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Mutual fund investors bailed out of stock funds in a big way last week, giving both bulls and bears the chance to thump their chests.

An estimated $12.7 billion left stock funds between Tuesday and Thursday last week, according to a Monday report from liquidity tracker

. The outflow doesn't break any records, but it does give optimists the chance to point to a market bottom and pessimists an example of investors' flagging interest in owning stocks in a sagging market. (Check out

TSC's Metrics Page for more on fund flows.)

Mutual fund flows are closely watched as a barometer of investor sentiment. Pragmatism would say rising cash flows to funds indicate fund managers will have billions to stuff into the market, boosting stock prices, but it's often not that simple. In the up-is-down world of Wall Street, fund flows often prove to be a contrarian indicator. Translation: Sagging flows often presage a bottom for stock prices and at least a short-term bump because pessimism may be topping out.

The three-day outflow, about $8.6 billion from U.S. stock funds and the rest from global and foreign stock funds, is high compared to the $1.9 billion in-flows equity funds' are averaging so far this year, according to

That said, it's not surprising given stock prices' southward spiral. After a tough 2000, this year has been volatile with the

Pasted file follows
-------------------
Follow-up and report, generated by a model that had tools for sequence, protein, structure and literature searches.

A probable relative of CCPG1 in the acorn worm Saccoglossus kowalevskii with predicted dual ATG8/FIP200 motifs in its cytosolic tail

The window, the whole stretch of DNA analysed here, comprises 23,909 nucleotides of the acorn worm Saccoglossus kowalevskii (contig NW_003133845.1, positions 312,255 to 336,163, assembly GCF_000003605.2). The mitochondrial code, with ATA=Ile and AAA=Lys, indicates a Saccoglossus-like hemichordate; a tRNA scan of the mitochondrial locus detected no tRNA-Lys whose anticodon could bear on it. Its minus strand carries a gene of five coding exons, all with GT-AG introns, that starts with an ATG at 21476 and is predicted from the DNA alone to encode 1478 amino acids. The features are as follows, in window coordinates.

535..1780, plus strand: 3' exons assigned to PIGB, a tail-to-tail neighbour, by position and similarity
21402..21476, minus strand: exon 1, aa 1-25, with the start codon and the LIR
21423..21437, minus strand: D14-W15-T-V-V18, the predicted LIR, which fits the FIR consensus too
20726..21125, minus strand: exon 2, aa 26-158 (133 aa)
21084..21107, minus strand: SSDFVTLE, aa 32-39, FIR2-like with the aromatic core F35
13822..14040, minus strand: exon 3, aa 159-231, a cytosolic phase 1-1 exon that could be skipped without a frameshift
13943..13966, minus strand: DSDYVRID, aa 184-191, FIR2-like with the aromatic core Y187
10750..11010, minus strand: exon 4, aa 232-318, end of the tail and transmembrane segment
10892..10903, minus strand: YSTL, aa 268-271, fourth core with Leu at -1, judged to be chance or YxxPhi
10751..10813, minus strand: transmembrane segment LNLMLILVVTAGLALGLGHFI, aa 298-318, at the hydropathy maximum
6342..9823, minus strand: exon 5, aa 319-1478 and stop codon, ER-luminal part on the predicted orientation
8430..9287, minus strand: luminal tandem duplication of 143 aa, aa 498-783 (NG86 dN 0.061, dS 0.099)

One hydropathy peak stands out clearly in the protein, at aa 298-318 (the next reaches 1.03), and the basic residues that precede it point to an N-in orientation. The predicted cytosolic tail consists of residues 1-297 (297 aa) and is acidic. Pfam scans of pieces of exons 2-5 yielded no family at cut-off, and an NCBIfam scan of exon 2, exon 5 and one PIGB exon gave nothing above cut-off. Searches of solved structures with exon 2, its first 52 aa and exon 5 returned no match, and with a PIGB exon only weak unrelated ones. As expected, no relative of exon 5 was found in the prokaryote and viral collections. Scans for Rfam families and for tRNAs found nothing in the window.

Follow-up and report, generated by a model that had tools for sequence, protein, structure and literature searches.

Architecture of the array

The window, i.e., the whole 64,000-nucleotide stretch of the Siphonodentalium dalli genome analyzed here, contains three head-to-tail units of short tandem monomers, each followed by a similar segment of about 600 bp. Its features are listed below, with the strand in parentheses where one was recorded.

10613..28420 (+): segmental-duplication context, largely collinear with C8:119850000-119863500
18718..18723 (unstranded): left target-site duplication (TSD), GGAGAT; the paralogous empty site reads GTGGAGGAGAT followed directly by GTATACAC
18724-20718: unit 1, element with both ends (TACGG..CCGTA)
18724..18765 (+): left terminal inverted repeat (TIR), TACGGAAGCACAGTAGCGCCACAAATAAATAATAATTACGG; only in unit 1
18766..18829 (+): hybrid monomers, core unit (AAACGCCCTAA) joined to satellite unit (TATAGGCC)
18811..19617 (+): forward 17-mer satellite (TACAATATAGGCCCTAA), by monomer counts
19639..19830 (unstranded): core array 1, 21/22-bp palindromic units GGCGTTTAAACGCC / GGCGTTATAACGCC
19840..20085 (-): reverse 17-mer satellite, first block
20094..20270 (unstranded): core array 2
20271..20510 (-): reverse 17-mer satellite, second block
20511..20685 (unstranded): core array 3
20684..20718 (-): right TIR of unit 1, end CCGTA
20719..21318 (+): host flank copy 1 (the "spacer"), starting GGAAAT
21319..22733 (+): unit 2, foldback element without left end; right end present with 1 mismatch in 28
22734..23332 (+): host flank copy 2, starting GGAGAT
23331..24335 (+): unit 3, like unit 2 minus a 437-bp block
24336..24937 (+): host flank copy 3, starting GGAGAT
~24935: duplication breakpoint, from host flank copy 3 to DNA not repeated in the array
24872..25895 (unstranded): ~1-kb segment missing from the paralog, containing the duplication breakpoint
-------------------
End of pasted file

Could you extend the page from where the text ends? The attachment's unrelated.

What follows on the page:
S&P 500


Nasdaq Composite Index

down 8.8% and 18.4%, respectively, according to

Baseline/Thomson Financial

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. Between Tuesday and Thursday alone the Nasdaq fell 6.5%.

The topsy-turvy nature of this year might make it tough to draw conclusions from fund flow data. The record for one-day outflows is $13.1 billion set back on Jan. 3, according to, but investors reversed field and set the one-day record for in-flows when they jammed more than $17 billion into funds the next day when the

Federal Reserve's

Open Market Committee

slashed its key fed funds rate.

This outflow comes on the heels of record one-month


in January, when some $140 billion gushed into funds, according to fund-tracker


. But that record doesn't necessarily mean much to stock investors since most of that cash gush was driven by institutional investors shifting into money market accounts which offer competitive yields for a month or two after an interest rate cut.

For his part, President Charles Biderman thinks the outflows point to at least a short-term bottom for stock prices.

"Historically, fund investors bailing big time has been an excellent indicator of a stock market bottom," he writes in his Monday liquidity report, where he declares himself "cautiously bullish" this week.

If there is any clear conclusion to draw from these estimates, it may be that fund investors are charting a less aggressive course than they have in recent years when growth-oriented diversified and sector funds got the lion's share of their cash.

In January, flows to less aggressive balanced and value funds were on the rise, as were cash flows to bond funds. At the same time, purchases and redemptions of sector-fund shares were almost flat, according to Lipper.

The most popular funds in the week ending last Wednesday were retail money market funds, which took in some $8.8 billion according to Bond funds also had positive in-flows, underscoring investors increasing focus on the risk portion of investing's perennial risk/reward proposition.